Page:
Russia to revise crime, penalty
Parliament is expected to approve a prison overhaul this month that could free thousands of prisoners.
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Mr. Filimonov says the main impact of the new law will be to slash permitted pretrial detention to a maximum of one year, and to implement a bail system for those charged with minor crimes. "Many of these prisoners are not people who need to be kept isolated from society," he says. "Our system is traditionally based on tough measures and no consideration for the accused. The definitions need to be changed."Skip to next paragraph
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The law also includes measures to make probation more accessible and rapid, to create a network of minimum-security prisons for minor offenders, and to reduce restrictions on family visits and other forms of outside aid for prisoners. Filimonov says the new rules will not apply to those convicted of serious crimes, which he says include murder, treason, and terrorism.
Critics worry that the proposals do not go far enough. "There needs to be a radical decriminalization of whole swaths of our criminal code," says Major General Vitsin. Many things that would be handled under civil law in the West - such as failure to shovel a snowy walkway that a pedestrian slips on - are treated as criminal matters in Russia. "Huge numbers of citizens go to jail where they should simply pay fines or do community service," the general says. Offenses that would be considered misdemeanors in the US, such as shoplifting, often draw sentences of years at hard labor.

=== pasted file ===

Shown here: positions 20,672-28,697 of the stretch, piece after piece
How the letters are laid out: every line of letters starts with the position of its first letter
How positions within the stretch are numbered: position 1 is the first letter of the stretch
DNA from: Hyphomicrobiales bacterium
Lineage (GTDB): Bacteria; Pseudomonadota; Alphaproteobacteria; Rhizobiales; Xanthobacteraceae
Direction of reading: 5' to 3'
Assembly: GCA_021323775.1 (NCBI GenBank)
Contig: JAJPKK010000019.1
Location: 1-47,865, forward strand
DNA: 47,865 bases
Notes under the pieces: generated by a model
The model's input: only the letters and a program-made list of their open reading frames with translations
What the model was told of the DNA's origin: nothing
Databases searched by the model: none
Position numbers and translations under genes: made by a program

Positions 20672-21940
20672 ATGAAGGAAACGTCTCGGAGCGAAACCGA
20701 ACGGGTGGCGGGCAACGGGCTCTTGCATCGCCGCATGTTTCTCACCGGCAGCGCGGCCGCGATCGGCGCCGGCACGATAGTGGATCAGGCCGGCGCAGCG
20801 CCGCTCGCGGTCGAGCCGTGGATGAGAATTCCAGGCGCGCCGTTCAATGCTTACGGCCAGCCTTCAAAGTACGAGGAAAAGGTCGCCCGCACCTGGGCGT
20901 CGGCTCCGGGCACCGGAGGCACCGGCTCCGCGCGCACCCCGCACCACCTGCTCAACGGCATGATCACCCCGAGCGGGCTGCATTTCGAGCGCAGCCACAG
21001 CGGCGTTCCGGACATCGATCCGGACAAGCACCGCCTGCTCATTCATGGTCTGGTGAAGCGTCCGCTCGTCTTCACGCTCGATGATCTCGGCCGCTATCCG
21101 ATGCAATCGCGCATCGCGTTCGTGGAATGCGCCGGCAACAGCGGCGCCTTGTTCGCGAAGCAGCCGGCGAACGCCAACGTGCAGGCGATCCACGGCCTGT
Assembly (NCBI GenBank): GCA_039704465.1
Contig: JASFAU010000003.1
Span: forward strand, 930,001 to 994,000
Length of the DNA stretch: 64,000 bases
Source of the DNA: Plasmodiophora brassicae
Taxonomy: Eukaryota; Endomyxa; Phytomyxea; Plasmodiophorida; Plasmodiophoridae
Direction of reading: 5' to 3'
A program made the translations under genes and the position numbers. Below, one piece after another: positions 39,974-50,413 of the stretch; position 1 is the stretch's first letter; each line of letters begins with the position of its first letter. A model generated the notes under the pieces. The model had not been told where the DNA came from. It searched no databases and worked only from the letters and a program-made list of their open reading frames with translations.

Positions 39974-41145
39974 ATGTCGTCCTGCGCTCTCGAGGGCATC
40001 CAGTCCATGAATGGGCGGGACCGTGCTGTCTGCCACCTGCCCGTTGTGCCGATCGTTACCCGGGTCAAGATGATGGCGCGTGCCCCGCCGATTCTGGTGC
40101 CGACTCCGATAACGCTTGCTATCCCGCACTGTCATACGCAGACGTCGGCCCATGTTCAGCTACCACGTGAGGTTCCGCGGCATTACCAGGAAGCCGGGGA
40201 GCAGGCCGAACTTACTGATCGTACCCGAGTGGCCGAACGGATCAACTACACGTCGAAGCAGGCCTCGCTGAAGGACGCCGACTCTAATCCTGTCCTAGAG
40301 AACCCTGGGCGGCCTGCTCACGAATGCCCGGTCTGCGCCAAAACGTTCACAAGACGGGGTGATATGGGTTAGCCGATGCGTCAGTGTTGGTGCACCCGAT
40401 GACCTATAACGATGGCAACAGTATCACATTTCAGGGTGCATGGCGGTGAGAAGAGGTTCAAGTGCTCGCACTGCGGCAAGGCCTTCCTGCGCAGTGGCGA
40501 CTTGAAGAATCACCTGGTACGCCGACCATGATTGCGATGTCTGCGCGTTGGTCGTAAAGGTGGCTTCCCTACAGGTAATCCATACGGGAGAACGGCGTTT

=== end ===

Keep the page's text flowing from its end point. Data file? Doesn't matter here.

"Our system of justice is excessively punitive," says Vitsin. "Taking a harsh and uncompromising stance against crime clearly has not worked. Look around you, our society is more criminalized than ever."
The new law makes no provision for reeducating police, judges, and prison guards. The financially strapped Russian government has no money for such frills, says Filimonov: "We are doing what we can and must do right now."
Experts say the imminent mass release of prisoners is not as controversial as a similar event might be in the US. "Too many Russians have been exposed to the prison system," says Leonid Sedov, a sociologist with the independent Institute of Public Opinion Research in Moscow. "Peoples' sympathies tend to be with the prisoners, not with the state - at least when it comes to minor criminals."
Largely absent from the discussion is any consideration of what happens to former inmates once they hit the streets. "This is typical of our country. We take sweeping measures without thinking through the consequences," says Col. Lyudmila Tropina, deputy head of the Moscow police force's department of juvenile affairs. "We are not asking if these people have homes to return to, or any means of making an honest living. We will simply turn them loose and congratulate ourselves for enacting reforms and saving the state's resources.
"But if there is no sustained effort to follow released prisoners into the community and help them to adjust, it is guaranteed that most of them will fall into the orbit of criminal gangs. Soon they will be back in prison, and what will we have solved?"
(c) Copyright 2001. The Christian Science Publishing Society